brought into the hospital, he was pale and irritable, had very poor neck
control, could not focus, and was obviously not neurologically normal. His
neck was completely limp, and he had retinal hemorrhaging. Asher was
diagnosed as suffering from shaken baby syndrome. Dr. Becton testified that
Asher's condition was such that he could not suck or take food. Such
symptoms occur immediately after a baby has been shaken. Because Asher
was not dehydrated, he must have had food within the previous 24 hours.
Thus, the shaking of Asher must have occurred in this 24 hour period.
The last time Asher had been seen to be normal was when he was
dropped off at Cutro's day care. A parent who went by the day care center
that morning testified that he saw Asher holding his head up and turning
around. Cutro herself had given a statement about the events of June 23rd.
In her statement, she said that Asher was dropped off at the day care center
by her mother. Cutro indicated that Asher was not fully alert that morning.
She made no mention that Asher exhibited any highly unusual symptoms,
such as a limp neck.
Dr. Randall Alexander, a nationally recognized expert in the field of
pediatrics and child abuse, testified that his examination of the evidence
revealed that Asher had suffered from at least two episodes of violent
shaking. This conclusion was based on both medical and historical evidence.
C.T. scans and M.R.I. scans showed that Asher had sustained considerable
head trauma. Moreover, he had had retinal hemorrhaging, which appears in
up to 90 percent of shaken baby syndrome cases. The symptoms of shaking
appear shortly after the abuse. Accordingly, Dr. Alexander concluded to a
reasonable degree of medical certainty that the second shaking episode must
have occurred between 7:30 a.m. and 11:30 a.m. on June 23rd -- between the
time Asher was dropped off at Cutro's and the time he was presented at Dr.
Dr. Wilbur Smith, Jr. also testified. As an expert in pediatric radiology
and child abuse, he was, at the time of the trial, one of only 30 or fewer
physicians in the country who were exam-certified in the field. He stated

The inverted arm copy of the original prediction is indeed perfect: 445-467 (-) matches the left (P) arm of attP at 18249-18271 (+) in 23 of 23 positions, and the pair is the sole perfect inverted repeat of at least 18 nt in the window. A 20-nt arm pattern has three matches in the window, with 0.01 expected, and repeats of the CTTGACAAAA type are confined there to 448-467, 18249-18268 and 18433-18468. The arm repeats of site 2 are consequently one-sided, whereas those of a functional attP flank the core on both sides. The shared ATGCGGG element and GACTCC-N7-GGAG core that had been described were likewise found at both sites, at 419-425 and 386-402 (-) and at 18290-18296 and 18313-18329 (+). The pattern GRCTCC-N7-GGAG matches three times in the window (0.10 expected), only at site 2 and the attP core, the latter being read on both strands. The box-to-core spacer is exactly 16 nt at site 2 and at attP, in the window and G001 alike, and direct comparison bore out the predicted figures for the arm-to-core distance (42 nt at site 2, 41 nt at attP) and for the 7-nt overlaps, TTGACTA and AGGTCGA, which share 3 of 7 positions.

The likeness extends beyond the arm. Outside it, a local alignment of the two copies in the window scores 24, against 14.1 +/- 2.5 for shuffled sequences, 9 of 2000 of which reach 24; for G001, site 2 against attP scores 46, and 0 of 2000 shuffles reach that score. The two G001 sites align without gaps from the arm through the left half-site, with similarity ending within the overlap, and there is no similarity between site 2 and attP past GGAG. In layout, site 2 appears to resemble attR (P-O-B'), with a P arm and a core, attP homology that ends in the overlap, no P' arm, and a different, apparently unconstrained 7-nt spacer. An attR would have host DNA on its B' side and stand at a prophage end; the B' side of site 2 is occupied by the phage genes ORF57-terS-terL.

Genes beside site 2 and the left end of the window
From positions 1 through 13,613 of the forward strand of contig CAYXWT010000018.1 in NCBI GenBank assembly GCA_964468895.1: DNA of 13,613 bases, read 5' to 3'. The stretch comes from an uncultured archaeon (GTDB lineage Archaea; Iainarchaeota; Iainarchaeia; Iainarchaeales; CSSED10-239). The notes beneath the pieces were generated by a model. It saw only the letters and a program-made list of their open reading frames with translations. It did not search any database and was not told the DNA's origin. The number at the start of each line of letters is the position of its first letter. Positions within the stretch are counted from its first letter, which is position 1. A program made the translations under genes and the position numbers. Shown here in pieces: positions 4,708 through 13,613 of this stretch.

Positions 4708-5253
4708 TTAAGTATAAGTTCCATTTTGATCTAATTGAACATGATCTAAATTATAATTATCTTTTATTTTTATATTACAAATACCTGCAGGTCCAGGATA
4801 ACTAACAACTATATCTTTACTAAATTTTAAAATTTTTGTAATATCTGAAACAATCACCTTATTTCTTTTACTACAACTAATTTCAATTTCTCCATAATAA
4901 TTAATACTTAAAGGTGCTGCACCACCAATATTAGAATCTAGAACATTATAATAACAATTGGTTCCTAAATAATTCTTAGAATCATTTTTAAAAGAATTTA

that because of the evidence of the retinal hemorrhages, the subdural
hematomas, and subarachnoid hemorrhages, "there is no question [that] there
is no other medical diagnosis" than shaken baby syndrome. Sufficient tests,
he declared, were done to rule out any other cause. Based on the eyewitness
evidence of how Asher was acting when he was dropped off, Dr. Smith
concluded that Asher must have been shaken on June 23rd, sometime
between 7:30 a.m. and when he was taken to the doctor's office.
The above evidence, which is uncontested, clearly and convincingly
shows that Asher was normal when he was dropped off. When he emerged
after a few hours in Cutro's care, he exhibited the signs of shaken baby
3. PROPER ADMISSION OF EVIDENCE BY TRIAL JUDGE
Cutro argues, and the majority agrees, that there was conflicting
evidence concerning the proof of the prior bad acts. Although I would concur
that the evidence was not uncontradicted (as it rarely is in a criminal case),
I find that the weight of evidence establishing Cutro's abuse of Parker and
Asher is simply overwhelming. The State presented significant, but not
excessive, evidence to establish a close degree of similarity or connection
between all of Cutro's bad acts.
The majority implicitly suggests that SIDS, not trauma, was the real
cause of Parker's death. This argument fails on numerous grounds. First,
the opinion does not specify exactly what this evidence is. My reading of the
record leads me to conclude that evidence of SIDS was minimal, in
comparison to the mountain of evidence presented that abuse was the cause
of death. The convincing testimony of highly-qualified experts has been
described in detail above.
Second, even if Cutro's defense witnesses presented some evidence of
SIDS, the persuasiveness of this evidence was essentially nullified by the
same witnesses' candid and compelling arguments in favor of the State's